I’ve stumbled upon an interesting statement that project management frameworks and methodologies were made no to make the development faster, but to prevent the chaos while implementing a given project.
At Codetain, we mainly use Scrum to get things done. What is Scrum and how is it possible we work in sprints, but hate running?
Let me explain…
Scrum & Sprint
Within Scrum - an agile process framework in software engineering and web and mobile development - a team tackles the chaos by means of short development iterations called sprints.
The key assumption of Scrum (and sprints) is delivering complex work in small steps. Interesting fact - Scrum, tailored with software development in mind only, is now getting popular in other fields, as well.
Sprint: How Does It Work?
The iterative work process that Scrum is, consists of rather tight, cyclical deadlines which determine the progress of development. Usually, Sprints take one or two weeks, sometimes even a month - a specific amount of time is determined by a project.
During each sprint, a certain portion of software should be delivered. Software development in Scrum is generally focused on sprints - teams are working according to the sprint timelines, future work is planned and assigned to particular numbers of sprints (pretty useful when you’re about to point something out to your colleague; nah-ah, you were supposed to deliver that in the sprint number 4, dude, and which one do we have now?), etc.
How to plan a proper sprint?
Sprints might be longer, or shorter; they might involve few people or a huge teams, but there are always some points that need to be planned before the sprint will start! And that is:
- Capacity: Teams need to determine what their capacity in the next sprint is going to be. There are several approaches here - one of them is to choose and refer to an adequate number from a few sprints before and keeping doing the same each sprint.
Another one is to have a static number of points/developer days per each sprint, which are modified according to people’s vacation or some bank holidays. One thing is certain - different sprints would have the different numbers in capacity, since the live brings changes.
- Sprint goals: Every sprint should have a clear goal - simple! However, the goals should be transparent for the stakeholders. When the sprint ends, there should always be a meeting called Sprint Review (more about it in one of the following articles about the Scrum), where development team present their results of the sprint.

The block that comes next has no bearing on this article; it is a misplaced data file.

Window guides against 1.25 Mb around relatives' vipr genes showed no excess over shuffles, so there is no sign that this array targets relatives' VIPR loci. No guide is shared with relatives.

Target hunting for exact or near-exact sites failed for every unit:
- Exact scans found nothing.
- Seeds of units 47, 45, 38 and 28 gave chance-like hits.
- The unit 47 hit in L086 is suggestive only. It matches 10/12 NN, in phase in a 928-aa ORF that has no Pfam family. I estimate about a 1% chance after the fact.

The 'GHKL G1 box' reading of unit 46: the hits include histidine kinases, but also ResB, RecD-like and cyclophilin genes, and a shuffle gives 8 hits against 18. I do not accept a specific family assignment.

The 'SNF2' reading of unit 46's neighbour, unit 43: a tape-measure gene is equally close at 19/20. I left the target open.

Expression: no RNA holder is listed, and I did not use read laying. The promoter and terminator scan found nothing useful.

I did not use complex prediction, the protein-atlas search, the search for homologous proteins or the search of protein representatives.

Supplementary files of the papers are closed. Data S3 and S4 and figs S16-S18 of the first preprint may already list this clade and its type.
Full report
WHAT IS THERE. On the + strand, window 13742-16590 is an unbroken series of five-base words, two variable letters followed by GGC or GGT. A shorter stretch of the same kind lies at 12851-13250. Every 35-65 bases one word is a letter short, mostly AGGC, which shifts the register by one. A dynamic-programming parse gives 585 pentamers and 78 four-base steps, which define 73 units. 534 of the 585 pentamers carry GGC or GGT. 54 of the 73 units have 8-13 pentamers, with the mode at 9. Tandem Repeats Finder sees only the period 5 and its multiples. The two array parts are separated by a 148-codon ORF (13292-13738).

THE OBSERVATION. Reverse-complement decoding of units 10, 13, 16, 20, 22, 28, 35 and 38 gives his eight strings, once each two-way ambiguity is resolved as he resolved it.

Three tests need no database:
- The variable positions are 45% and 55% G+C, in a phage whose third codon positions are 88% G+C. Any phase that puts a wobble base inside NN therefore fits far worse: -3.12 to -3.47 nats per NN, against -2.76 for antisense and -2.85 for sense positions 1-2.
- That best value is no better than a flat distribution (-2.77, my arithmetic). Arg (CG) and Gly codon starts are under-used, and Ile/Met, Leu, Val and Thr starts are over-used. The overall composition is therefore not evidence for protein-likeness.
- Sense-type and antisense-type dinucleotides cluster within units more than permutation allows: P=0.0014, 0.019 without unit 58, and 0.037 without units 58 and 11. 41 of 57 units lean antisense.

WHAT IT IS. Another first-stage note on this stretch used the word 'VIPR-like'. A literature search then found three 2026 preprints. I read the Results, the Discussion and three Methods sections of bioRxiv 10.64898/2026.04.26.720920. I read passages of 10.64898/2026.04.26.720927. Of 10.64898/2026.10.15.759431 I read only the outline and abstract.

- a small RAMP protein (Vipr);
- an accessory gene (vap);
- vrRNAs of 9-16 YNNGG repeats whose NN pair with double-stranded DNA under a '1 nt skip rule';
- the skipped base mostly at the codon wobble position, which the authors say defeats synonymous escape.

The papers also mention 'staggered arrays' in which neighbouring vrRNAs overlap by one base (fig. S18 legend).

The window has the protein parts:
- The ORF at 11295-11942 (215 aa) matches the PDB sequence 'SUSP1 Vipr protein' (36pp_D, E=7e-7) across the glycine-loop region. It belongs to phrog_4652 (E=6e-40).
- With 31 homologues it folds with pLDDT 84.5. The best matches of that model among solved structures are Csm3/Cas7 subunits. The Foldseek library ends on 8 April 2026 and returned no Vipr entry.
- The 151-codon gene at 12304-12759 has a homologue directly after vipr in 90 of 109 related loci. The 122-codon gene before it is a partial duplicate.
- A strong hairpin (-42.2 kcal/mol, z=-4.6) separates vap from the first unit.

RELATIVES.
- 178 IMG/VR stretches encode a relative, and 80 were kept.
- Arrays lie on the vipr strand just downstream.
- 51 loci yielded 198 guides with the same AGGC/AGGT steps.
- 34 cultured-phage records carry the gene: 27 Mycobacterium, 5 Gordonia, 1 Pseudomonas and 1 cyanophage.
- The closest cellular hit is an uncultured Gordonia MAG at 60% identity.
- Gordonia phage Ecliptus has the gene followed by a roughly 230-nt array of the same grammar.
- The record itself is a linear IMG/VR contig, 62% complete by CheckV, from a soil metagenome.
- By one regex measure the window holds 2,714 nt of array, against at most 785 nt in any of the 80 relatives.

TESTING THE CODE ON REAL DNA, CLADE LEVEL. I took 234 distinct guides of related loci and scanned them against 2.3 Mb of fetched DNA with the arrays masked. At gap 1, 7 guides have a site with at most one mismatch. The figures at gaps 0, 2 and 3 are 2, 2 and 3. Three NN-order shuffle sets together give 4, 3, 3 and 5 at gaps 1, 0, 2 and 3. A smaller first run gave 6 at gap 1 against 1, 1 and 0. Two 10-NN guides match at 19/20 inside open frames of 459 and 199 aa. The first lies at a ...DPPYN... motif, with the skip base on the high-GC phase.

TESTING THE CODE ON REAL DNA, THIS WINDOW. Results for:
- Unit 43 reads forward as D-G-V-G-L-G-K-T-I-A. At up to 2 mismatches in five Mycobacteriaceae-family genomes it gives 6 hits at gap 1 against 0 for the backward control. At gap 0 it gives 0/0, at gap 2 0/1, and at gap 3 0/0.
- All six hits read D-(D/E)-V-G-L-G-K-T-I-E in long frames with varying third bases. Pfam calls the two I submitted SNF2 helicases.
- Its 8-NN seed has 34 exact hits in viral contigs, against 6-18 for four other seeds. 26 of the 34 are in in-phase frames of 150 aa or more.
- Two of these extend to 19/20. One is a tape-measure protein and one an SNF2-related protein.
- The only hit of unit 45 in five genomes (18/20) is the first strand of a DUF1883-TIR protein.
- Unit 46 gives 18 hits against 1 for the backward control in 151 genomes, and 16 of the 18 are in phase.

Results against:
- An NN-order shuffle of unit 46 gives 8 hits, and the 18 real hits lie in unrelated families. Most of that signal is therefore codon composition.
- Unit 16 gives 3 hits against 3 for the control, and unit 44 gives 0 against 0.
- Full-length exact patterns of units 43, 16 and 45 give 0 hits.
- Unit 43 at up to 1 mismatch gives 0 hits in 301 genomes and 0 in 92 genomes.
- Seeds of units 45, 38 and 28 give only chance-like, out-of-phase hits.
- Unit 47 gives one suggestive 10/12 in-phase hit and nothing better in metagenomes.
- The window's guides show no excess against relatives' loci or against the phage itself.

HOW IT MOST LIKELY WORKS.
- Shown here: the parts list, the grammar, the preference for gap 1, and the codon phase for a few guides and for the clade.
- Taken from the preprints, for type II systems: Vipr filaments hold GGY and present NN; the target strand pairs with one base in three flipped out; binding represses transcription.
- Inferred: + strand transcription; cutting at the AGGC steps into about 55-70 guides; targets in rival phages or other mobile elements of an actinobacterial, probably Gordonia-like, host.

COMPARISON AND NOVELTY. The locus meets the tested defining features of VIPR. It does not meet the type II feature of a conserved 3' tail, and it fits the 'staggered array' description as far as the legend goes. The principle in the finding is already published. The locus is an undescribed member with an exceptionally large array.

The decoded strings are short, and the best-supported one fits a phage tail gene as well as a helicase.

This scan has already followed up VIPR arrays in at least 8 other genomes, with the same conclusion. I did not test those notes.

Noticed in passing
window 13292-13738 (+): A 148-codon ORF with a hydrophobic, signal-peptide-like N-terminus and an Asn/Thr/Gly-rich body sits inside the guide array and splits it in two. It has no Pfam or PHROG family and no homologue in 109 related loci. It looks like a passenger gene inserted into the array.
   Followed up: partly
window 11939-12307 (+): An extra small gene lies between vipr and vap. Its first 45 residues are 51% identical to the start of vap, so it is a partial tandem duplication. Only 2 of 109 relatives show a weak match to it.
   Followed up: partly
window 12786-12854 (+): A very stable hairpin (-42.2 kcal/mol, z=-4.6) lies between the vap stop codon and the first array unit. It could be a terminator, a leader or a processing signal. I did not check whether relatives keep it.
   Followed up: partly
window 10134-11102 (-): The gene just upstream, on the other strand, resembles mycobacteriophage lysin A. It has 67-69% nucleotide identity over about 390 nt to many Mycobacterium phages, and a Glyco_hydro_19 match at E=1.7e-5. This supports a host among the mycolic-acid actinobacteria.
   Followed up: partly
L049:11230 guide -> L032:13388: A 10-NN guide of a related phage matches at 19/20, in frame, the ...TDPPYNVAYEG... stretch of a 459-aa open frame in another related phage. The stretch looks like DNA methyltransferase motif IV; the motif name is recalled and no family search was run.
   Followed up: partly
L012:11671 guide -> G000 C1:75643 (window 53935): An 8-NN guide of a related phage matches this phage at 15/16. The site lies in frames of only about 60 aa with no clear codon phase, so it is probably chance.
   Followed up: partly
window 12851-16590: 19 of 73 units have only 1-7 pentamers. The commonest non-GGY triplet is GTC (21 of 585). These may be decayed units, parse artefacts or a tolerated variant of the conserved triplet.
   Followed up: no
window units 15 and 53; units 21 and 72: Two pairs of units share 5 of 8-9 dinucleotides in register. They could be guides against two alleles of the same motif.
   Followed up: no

It’s important to be able to show something tangible. Obviously, all goals should be delivered within the sprint. It’s hard to say whether the goals determine the sprint scope or the other way around. The key is to plan it properly, make is possible to be developed within the sprint, and include all the necessary tickets required by the particular goal!
- Determined scope: If we know how much capacity we have in the sprint and what the main goals are, we can start to plan and assign the tickets to do during the sprint. This is usually set up during planning (another significant meeting within Scrum—will be described soon).
Development team is deciding which of the tickets will be tackled within the upcoming sprint. Remember to choose wisely - the scope should not change during the sprint.
Once we know how much resources we have in the sprint, the scope is determined, and we are sure that the goals can be fulfilled, we can start the sprint! The next part is to keep sprint on the track and deliver what was promised.
Hopefully, the intro gave you a clear insight on the framework. I’m already preparing myself to develop the topic in my next articles!
In case you feel it was too much information and way too many weirdly sounding words, don’t hesitate to get in touch with us. We’ll be happy to present to you how we work personally.
You can write to us [firstname.lastname@example.org] or give us a call [+48 664 168 883] anytime and schedule an online meeting.